Positive economic data in the US could not save the dollar waiting for the results of the non-farm payrolls report today
A stronger-than-expected rise in US ADP private sector jobs report lifted risk appetite but failed to subdue Dollar bears. Services PMI data out of Europe mostly beat expectations. As the global growth outlook gained traction, the Dollar resumed its slide against its Rivals apart from the Yen. The Euro reached its highest level in almost four months. The Kiwi outperformed, closing at its highest in nearly 3 months.
Wall Street stocks hit fresh record highs. The Dow finished above 25,000. for the first time.
Outlook: The upbeat US ADP Private Sector jobs report will lead to higher expectations in tonight’s Payrolls report. This followed a slightly hawkish Fed and robust US manufacturing data that beat expectations. Yet the market was unwilling to push the Dollar higher. Instead, the bears regained control and resumed selling. The Dollar Index (USD/DXY) dropped to close near Tuesday’s low at 91.854 (91.843).
Trading View: The gain in the global growth outlook has led to a surge in risk appetite. This has led to rallies in the Aussie, Kiwi and Loonie. The Euro has also benefited, rising to its highs in 2017. The Single Currency takes almost 60% of the weight in the Dollar Index (USD/DXY), which has dropped to 3-month lows. The outlier is the Japanese Yen, which weakens in a risk-on scenario.
The integration of global growth has fuelled trader’s expectations that the ECB will lead other central banks on a tightening path. Which has led to overall Dollar weakness.
A few things to note:
Trading volumes are still not yet at full capacity this week. While the Dollar is soft, it’s premature to call a full-fledged Greenback demise.
Politics in Europe has been thrown out of the window and the market doesn’t seem to care. Let’s not forget. Germany still does not have a government. Italy faces a crucial election in a few months time. And Brexit discussions are still a long way from being resolved. For now. It seems like no news is good news.
While stocks surged, Treasuries were steady and there was little movement in yields. US Two-year yields rose 3 basis points to 1.96%. Germany’s two-year yield rose 1 basis point to -0.62%. I had a look at the charts of both yields and they are not narrowing, they are widening. Yield differentials still matter in the FX markets.
And at the risk of sounding like a broken record, market positioning also matters. The speculative community is still net short of US Dollars.
US Payrolls and wages are the main data out later. Australia releases it’s trade data for December. Euro Zone Flash CPI Estimates (annual) are also released as well as Canadian employment.
EUR/USD – traded to 1.20891, near four-month highs before settling at 1.2065 currently. The Euro held the above the 1.20 level and slowly ground it’s way back higher. Services PMI in the Euro Zone beat expectations. EUR/USD has immediate resistance at 1.2090 and 1.2100. Immediate support can be found at 1.2050, 1.2020 and then 1.2000. A clean break above 1.2100 (which are highs not seen since Jan 2015) could see us back to 1.22 and 1.24. A break below 1.1980 would yield 1.1880. Likely range ahead of Payrolls 1.2030-1.2080. Let’s not forget that net speculative Euro longs are at multi-year highs. Sell rallies.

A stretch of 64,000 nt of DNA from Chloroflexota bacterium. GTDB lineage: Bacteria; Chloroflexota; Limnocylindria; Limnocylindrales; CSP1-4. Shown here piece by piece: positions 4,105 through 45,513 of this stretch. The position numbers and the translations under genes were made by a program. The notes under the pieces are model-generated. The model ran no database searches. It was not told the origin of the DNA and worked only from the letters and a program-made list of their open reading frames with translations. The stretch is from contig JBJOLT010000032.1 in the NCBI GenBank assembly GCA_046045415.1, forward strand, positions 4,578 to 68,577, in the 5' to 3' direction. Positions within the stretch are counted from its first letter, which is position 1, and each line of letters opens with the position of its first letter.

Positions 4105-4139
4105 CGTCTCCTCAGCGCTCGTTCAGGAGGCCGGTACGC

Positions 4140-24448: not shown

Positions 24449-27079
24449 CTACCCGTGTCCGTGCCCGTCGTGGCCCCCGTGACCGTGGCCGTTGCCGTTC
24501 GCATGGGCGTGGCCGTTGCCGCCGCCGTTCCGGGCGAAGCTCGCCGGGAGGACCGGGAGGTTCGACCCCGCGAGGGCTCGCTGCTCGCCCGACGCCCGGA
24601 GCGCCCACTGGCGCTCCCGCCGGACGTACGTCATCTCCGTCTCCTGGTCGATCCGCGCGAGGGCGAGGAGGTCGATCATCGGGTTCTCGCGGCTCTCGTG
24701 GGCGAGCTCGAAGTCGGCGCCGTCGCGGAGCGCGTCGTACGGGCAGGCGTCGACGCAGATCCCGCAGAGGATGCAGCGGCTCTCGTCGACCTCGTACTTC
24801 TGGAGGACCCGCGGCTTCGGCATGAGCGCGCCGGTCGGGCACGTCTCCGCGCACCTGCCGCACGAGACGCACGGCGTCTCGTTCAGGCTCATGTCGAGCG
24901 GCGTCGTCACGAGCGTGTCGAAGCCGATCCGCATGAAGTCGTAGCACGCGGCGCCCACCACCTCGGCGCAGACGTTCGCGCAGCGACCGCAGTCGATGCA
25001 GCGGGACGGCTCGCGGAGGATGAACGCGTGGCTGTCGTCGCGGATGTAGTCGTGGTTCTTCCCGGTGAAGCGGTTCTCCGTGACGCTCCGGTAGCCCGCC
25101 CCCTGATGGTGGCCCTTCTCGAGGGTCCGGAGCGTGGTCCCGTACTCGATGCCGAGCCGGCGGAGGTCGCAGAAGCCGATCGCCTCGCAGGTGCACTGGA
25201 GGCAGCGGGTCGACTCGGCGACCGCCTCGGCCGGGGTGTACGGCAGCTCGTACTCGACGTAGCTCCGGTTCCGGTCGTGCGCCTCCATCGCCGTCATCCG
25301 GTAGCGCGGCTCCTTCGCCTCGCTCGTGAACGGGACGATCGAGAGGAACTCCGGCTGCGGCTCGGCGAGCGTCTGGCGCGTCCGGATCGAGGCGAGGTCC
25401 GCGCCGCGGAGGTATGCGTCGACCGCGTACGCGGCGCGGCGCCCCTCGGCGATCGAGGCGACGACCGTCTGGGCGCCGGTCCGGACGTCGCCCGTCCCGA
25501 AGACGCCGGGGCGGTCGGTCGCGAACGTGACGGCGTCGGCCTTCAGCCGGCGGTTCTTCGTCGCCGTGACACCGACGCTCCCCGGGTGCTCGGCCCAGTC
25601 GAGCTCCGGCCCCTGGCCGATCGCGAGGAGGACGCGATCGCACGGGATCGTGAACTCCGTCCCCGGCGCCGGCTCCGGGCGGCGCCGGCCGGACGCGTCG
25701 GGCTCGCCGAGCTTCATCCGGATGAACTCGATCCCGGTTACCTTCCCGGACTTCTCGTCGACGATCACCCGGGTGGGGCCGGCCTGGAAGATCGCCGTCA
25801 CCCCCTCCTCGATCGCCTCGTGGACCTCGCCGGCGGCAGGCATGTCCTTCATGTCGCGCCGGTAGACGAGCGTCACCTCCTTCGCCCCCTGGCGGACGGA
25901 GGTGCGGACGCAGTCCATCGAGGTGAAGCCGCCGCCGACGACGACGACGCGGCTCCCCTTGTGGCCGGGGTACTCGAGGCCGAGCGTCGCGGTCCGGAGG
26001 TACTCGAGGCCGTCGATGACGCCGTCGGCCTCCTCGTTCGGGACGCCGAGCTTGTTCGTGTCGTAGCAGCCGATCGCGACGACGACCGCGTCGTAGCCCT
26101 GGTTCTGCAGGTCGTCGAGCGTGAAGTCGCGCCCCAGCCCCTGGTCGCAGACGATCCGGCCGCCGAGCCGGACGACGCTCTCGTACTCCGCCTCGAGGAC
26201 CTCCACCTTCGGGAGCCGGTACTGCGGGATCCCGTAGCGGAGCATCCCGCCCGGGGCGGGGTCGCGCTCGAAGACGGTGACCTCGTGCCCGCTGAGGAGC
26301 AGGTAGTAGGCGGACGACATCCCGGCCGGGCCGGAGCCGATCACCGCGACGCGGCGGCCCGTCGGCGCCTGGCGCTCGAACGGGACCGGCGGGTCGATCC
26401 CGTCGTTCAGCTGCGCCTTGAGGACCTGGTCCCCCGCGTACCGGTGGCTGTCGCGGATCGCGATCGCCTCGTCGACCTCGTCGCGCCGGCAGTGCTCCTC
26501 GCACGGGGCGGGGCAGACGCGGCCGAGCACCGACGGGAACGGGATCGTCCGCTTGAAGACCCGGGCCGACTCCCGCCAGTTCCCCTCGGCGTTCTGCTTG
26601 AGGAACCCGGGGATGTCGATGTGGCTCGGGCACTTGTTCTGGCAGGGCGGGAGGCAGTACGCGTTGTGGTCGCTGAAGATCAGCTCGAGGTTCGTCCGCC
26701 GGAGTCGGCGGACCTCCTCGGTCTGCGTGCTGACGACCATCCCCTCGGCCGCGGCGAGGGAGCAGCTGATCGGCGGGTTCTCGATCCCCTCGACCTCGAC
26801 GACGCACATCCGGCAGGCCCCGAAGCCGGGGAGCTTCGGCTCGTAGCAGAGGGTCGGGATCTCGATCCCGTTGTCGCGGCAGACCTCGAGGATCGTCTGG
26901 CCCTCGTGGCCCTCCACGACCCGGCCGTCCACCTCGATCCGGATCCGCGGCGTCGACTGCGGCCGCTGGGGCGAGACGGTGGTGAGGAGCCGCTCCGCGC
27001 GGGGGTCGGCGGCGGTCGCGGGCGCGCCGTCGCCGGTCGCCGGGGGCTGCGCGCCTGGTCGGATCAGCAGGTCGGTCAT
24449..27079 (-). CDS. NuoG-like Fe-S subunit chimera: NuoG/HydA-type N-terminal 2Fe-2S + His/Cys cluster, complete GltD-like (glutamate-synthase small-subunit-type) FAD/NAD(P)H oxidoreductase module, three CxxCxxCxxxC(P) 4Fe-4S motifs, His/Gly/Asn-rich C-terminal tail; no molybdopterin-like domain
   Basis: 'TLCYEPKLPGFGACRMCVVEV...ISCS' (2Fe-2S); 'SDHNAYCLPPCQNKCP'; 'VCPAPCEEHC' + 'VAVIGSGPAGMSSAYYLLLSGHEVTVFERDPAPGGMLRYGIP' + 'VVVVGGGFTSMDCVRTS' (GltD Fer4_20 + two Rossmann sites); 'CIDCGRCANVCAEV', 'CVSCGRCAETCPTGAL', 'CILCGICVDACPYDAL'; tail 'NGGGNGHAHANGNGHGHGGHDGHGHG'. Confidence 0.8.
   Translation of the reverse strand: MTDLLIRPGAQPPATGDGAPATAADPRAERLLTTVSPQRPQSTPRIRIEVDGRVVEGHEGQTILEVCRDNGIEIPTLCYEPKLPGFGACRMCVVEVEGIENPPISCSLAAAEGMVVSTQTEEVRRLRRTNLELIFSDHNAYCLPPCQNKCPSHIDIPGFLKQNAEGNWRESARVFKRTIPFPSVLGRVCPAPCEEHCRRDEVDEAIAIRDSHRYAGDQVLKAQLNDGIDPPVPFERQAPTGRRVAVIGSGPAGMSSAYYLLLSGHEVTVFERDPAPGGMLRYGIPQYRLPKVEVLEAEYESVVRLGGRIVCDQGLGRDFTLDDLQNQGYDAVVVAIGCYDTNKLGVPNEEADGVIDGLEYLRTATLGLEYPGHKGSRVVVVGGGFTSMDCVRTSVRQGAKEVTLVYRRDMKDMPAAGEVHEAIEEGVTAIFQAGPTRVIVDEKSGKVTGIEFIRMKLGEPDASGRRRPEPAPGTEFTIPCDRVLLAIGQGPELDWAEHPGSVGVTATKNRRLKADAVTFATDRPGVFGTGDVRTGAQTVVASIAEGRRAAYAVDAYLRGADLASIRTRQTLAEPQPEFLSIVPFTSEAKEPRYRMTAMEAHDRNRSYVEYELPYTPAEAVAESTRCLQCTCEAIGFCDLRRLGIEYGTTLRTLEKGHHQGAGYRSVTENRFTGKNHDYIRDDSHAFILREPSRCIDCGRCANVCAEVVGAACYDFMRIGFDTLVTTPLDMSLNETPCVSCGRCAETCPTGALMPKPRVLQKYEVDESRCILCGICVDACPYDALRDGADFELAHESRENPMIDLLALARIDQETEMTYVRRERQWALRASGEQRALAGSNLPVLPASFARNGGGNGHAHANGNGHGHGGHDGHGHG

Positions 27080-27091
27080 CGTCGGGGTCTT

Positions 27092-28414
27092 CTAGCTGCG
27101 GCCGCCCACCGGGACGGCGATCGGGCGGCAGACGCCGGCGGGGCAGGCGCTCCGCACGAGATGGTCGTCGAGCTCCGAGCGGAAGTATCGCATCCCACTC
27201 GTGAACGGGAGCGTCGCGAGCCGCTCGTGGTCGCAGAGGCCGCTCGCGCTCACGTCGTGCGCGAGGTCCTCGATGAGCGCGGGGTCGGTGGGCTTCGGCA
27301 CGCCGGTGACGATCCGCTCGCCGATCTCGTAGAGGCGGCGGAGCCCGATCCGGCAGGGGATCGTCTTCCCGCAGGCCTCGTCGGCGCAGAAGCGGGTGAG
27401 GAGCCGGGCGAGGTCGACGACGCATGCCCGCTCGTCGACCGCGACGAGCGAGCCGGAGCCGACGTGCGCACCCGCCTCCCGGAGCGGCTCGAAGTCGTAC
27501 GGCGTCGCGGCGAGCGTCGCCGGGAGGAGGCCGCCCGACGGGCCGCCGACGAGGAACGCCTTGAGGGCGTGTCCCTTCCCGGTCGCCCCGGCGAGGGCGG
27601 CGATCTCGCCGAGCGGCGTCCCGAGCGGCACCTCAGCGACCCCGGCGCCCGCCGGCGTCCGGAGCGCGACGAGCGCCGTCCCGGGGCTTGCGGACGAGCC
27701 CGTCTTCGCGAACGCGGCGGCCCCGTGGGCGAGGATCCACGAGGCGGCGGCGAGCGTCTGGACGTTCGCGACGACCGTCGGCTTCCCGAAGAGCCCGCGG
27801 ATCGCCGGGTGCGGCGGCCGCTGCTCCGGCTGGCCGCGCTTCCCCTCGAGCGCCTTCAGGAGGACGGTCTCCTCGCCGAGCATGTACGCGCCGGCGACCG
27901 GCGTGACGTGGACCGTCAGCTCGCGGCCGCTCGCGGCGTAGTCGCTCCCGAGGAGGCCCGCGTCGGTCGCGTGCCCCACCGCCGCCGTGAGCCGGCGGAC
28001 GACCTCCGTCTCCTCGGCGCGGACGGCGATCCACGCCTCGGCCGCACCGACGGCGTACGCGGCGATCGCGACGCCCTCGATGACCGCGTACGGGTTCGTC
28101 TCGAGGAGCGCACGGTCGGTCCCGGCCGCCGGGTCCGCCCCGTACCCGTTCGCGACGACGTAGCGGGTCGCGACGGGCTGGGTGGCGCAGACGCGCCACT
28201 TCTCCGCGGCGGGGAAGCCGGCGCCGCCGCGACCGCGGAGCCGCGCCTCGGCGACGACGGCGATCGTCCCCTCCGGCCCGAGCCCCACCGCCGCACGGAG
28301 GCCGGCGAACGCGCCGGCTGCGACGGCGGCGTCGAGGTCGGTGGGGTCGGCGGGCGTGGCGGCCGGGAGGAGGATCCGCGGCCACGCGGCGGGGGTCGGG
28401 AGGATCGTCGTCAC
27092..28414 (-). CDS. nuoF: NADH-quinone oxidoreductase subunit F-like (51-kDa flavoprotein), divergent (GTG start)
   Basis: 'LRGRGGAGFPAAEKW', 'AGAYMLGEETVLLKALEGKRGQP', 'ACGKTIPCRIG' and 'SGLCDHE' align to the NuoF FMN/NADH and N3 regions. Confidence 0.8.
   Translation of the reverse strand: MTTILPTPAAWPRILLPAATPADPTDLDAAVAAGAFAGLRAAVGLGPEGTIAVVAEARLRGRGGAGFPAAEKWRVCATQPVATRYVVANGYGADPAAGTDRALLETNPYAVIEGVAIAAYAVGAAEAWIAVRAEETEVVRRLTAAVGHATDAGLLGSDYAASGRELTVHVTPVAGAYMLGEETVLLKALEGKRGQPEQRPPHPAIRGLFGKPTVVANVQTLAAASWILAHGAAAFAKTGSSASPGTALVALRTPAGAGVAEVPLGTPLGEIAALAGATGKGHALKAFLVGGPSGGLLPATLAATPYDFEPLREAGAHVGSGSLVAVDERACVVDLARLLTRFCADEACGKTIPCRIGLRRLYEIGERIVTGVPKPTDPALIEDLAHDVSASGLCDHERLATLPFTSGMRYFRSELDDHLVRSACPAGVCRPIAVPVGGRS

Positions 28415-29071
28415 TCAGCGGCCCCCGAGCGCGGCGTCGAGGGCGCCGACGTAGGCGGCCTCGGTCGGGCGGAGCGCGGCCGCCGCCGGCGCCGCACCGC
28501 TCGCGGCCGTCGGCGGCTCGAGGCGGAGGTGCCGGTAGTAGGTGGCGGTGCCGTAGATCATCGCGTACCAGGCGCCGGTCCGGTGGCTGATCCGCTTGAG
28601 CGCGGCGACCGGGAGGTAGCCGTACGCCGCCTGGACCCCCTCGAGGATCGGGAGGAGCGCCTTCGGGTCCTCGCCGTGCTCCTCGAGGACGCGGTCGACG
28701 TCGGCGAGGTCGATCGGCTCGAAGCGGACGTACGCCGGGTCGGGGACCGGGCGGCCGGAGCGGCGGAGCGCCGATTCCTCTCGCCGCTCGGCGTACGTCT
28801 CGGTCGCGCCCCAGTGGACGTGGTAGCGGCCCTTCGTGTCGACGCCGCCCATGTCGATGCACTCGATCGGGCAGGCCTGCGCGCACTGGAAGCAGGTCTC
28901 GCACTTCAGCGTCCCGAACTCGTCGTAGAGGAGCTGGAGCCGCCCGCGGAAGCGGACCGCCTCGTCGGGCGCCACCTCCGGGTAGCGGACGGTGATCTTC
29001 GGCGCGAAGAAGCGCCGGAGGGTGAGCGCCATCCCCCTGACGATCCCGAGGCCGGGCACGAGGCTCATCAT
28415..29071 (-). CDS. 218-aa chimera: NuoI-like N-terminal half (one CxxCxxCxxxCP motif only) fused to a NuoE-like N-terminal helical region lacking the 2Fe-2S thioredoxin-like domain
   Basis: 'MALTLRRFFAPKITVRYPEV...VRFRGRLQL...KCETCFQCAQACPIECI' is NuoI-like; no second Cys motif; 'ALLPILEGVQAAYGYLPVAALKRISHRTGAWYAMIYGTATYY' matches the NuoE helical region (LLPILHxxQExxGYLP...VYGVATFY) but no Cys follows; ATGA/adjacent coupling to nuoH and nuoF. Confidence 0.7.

USD/JPY – the outlier amongst the currencies and weakened slightly to close at 112.77 (112.51 yesterday). The yield on the US Ten year bond was unchanged at 2.45%. Japan’s Ten Year JGB yield closed at 0.05%. USD/JPY has immediate resistance at 112.90/113.00. Further resistance can be found at 113.15. Immediate support lies at 112.50 and then 112.20. Likely range until the Jobs number 112.40-112.90. Prefer to sell rallies as speculators are still pretty short of JPY bets.
AUD/USD – While copper and other base metals eased further, the Aussie climbed as risk appetite grew. The surge in the Kiwi also supported its bigger cousin. AUD/USD closed at 0.7865 which isn’t far from the overnight high of 0.7868. While the Aussie remains bid, let’s remember that just a little over three weeks ago we were languishing at 0.75 cents and looking offering. Today it looks bid near 0.79 cents. One of the things I learned as an Aussie trader was that the Aussie always looked most offered near its low and most bid near it’s high. Yesterday the Australian ten-year bond yield slipped 3 basis points to 2.68%. AUD/USD has immediate resistance at 0.7880/90 and then at 0.7910. Immediate support can be found at 0.7850 and 0.7820. Likely range today 0.7840-80. Look to sell rallies.
NZD/USD – The Kiwi outperformed yesterday, climbing almost 1% to trade to 0.7166, highs not seen since mid-October. Which was when the Kiwi election happened. A combination of stronger risk appetite and a generally weaker US Dollar supported the New Zealand Dollar. The latest CFTC/Reuters report (week ended 26 December) saw a rise in short net Kiwi bets to -NZD 17,586 contracts from -NZD 16,619 the previous week. This was the largest number of speculative shorts in 4 years. The Kiwi has had a remarkable rise in 3 weeks. NZD/USD has immediate resistance at 0.7170 and then 0.7200. Immediate support lies at 0.7130/40 and then 0.7100. Let’s not forget that the Kiwi elections resulted in a Labour win and a coalition government. Likely range 0.7130-0.7180.
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***Information contained in this newsletter are gathered from third parties and should not be regarded in any way as trade advice or recommendations by CM Trading. CM Trading does not recommend or advise traders or investors in their decision making but merely provides information from the market for its clients as additional information is made available as per the events occurring in the financial markets.
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